Officers Lynch and Chandler sought to obtain the bicycles' serial numbers and run them through the system to determine whether they were registered and, if registered, whether they were reported stolen. The officers were only able to read the serial number on the bike Iona had been riding. Once that serial number had been obtained, Officers Lynch and Chandler called dispatch to check the bike registration records in order to determine whether the bike was taxed or untaxed or had been reported stolen.

         After a few minutes, dispatch confirmed that the bike was not registered to Iona or to someone named Nalu. Instead, the bike was registered to a Wai'anae resident. The bike had not been reported stolen. Officer Chandler attempted to contact the registered owner but was unsuccessful. He then contacted the police station in Wai'anae and requested that an officer from that station drive to the registered owner's Wai'anae address in order to determine whether the bike was stolen.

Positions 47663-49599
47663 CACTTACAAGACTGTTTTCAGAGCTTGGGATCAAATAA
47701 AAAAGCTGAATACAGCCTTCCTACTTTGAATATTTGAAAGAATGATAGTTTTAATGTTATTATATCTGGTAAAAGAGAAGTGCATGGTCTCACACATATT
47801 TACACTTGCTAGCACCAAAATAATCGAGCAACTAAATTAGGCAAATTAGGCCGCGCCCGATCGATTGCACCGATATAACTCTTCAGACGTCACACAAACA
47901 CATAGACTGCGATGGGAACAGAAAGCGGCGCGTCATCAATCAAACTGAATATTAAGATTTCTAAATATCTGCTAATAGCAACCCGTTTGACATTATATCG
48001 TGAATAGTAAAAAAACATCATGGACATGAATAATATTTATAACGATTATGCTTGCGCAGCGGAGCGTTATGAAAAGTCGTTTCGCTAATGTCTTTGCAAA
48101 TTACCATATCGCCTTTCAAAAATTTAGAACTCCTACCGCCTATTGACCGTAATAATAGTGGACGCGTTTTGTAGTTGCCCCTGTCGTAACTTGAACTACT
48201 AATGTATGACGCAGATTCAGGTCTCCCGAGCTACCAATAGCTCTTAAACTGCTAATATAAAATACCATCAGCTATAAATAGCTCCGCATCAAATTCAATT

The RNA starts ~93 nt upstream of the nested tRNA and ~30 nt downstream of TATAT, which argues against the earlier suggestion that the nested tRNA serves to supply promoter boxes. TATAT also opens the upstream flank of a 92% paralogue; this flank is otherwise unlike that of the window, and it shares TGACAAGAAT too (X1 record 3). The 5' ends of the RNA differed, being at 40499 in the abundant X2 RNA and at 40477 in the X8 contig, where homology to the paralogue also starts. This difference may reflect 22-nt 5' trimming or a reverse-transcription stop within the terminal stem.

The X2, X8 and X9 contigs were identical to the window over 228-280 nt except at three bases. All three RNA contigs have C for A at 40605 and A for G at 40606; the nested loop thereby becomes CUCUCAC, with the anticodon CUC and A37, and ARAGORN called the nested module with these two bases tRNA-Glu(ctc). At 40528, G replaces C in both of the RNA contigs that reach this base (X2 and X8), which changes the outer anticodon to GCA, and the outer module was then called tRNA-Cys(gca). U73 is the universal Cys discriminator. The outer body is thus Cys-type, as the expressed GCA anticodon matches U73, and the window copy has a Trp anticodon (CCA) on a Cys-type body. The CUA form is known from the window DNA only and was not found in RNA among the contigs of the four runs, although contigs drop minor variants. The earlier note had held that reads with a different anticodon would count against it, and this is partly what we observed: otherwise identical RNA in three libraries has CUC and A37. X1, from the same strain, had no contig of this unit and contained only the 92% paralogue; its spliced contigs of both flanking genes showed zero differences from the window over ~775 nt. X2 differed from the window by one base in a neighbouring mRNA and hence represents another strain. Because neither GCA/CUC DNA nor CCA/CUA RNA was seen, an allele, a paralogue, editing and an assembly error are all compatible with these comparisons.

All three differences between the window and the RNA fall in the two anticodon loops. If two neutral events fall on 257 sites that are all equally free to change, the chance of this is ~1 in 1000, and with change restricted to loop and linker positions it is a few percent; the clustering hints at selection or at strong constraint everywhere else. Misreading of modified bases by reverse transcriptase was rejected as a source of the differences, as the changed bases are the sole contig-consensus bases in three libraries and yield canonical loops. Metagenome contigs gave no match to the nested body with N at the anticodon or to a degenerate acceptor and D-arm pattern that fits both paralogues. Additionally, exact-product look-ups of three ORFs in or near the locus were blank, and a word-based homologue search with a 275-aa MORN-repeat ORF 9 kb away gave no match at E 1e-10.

The warrant check came back at 10:54 a.m., showing that Iona had an outstanding $100.00 bench warrant for contempt. A total of fourteen minutes elapsed between the initial stop and the return of the outstanding warrant information. At no time within the fourteen-minute period was a citation for failure to display a tax decal written or started to be written. Iona was arrested at the scene on the outstanding warrant. Incident to his arrest, he was patted down. The pat-down revealed a glass pipe in a plastic sleeve as well as a small, ziplock plastic bag containing a white, crystalline substance.